A production line for manufacturing of engines in a car factory. Picture: 123RF/HAMIK
A production line for manufacturing of engines in a car factory. Picture: 123RF/HAMIK

First-quarter manufacturing data that was released on Thursday disappointed, showing the limitations to the confidence enjoyed since the accession of Cyril Ramaphosa.

While manufacturing production figures for April are 1.1% higher than the comparable period a year ago, production fell 0.6% compared to March, suggesting that the economy has not picked up at the start of the second quarter of the year.

First-quarter data released this week showed economic growth dipped. The quarterly fall in the economy was the largest since the second quarter of 2009, indicating that the buoyant mood has done little yet to boost the economy.

Manufacturing data suggested the economy remained weak after a very poor performance in the first quarter, said Capital Economics economist John Ashbourne. “The official data suggest that the surge in confidence surrounding the February appointment of Ramaphosa has not yet flowed through to the real economy.”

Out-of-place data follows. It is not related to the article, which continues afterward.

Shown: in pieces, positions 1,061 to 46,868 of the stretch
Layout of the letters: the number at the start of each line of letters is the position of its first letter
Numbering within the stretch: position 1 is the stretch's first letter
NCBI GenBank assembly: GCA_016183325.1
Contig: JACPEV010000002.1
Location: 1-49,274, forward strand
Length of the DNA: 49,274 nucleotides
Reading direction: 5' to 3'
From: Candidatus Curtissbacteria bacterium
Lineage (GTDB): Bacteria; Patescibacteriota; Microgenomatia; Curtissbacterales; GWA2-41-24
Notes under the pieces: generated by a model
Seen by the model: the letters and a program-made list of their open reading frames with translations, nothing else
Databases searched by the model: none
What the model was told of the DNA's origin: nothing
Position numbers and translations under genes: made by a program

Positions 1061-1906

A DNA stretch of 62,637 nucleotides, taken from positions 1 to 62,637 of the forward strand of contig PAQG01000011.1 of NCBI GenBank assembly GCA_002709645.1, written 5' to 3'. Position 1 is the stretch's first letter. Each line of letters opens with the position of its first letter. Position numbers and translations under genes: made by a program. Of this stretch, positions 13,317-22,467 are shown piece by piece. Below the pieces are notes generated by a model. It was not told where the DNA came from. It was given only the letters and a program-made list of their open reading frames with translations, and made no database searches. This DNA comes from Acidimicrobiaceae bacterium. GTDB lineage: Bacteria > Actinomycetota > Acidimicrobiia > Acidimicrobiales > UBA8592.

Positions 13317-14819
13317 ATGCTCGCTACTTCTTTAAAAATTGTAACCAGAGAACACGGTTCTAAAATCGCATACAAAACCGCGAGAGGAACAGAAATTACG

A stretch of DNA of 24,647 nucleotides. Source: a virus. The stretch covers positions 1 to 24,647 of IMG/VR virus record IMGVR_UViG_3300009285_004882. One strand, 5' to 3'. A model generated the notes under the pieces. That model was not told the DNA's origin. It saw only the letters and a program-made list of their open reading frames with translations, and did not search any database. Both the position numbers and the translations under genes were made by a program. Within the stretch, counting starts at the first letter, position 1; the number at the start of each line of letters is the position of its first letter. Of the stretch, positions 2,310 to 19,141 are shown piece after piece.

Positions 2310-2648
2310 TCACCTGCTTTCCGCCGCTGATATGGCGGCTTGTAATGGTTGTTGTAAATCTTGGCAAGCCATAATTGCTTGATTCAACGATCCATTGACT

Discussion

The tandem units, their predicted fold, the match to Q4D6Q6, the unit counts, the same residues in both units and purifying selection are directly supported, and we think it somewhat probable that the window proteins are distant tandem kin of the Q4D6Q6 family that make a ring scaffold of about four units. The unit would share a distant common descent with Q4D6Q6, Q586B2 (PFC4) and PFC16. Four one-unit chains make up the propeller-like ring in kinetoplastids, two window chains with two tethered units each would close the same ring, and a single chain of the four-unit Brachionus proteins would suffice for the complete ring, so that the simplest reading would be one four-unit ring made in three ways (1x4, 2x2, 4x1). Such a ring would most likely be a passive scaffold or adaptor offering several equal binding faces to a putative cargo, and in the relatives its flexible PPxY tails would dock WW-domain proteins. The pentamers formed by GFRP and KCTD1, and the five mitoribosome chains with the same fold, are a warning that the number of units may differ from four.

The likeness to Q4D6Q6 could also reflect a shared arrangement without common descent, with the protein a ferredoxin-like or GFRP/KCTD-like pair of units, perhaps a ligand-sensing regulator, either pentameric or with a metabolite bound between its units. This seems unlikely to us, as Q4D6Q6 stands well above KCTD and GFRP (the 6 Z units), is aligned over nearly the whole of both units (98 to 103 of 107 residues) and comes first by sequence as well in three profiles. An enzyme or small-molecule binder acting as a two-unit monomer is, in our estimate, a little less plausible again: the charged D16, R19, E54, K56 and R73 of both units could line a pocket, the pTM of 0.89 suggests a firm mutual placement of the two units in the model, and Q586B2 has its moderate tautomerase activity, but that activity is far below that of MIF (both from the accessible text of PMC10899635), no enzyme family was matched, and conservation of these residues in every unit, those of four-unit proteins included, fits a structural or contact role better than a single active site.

While growth is expected to pick up in 2018, Ashbourne said that a swift and lasting turnaround remained unlikely, with growth continuing to be weak by historical standards.

“We doubt that accession by Ramaphosa will be able to significantly change this picture in the short term,” he said.

Maqhawe Dlamini, chief investment officer and director of Vele Asset Managers, said the latest manufacturing data could potentially damp the euphoria around the Ramaphosa presidency, but with his swearing in only in February, it was still very early days.

Despite an improvement in business and consumer confidence under Ramaphosa, producers had found it very difficult to take advantage of existing buoyancy, which was apparent from the sector’s performance, said Steel and Engineering Industries Federation of SA economist Marique Kruger.

The notable appreciation in the rand exchange rate since November 2017 seemed to be affecting manufactured exports negatively, while an increased tax burden had kept a lid on already mediocre domestic demand and ongoing policy uncertainties still kept investment spending hostage, said NKC economist Elize Kruger.

The weak economy has not deterred Ramaphosa’s plans to attract investment. Accompanied by a business delegation, he headed to Canada on Thursday for the G-7 leaders’ summit after a seven-year absence.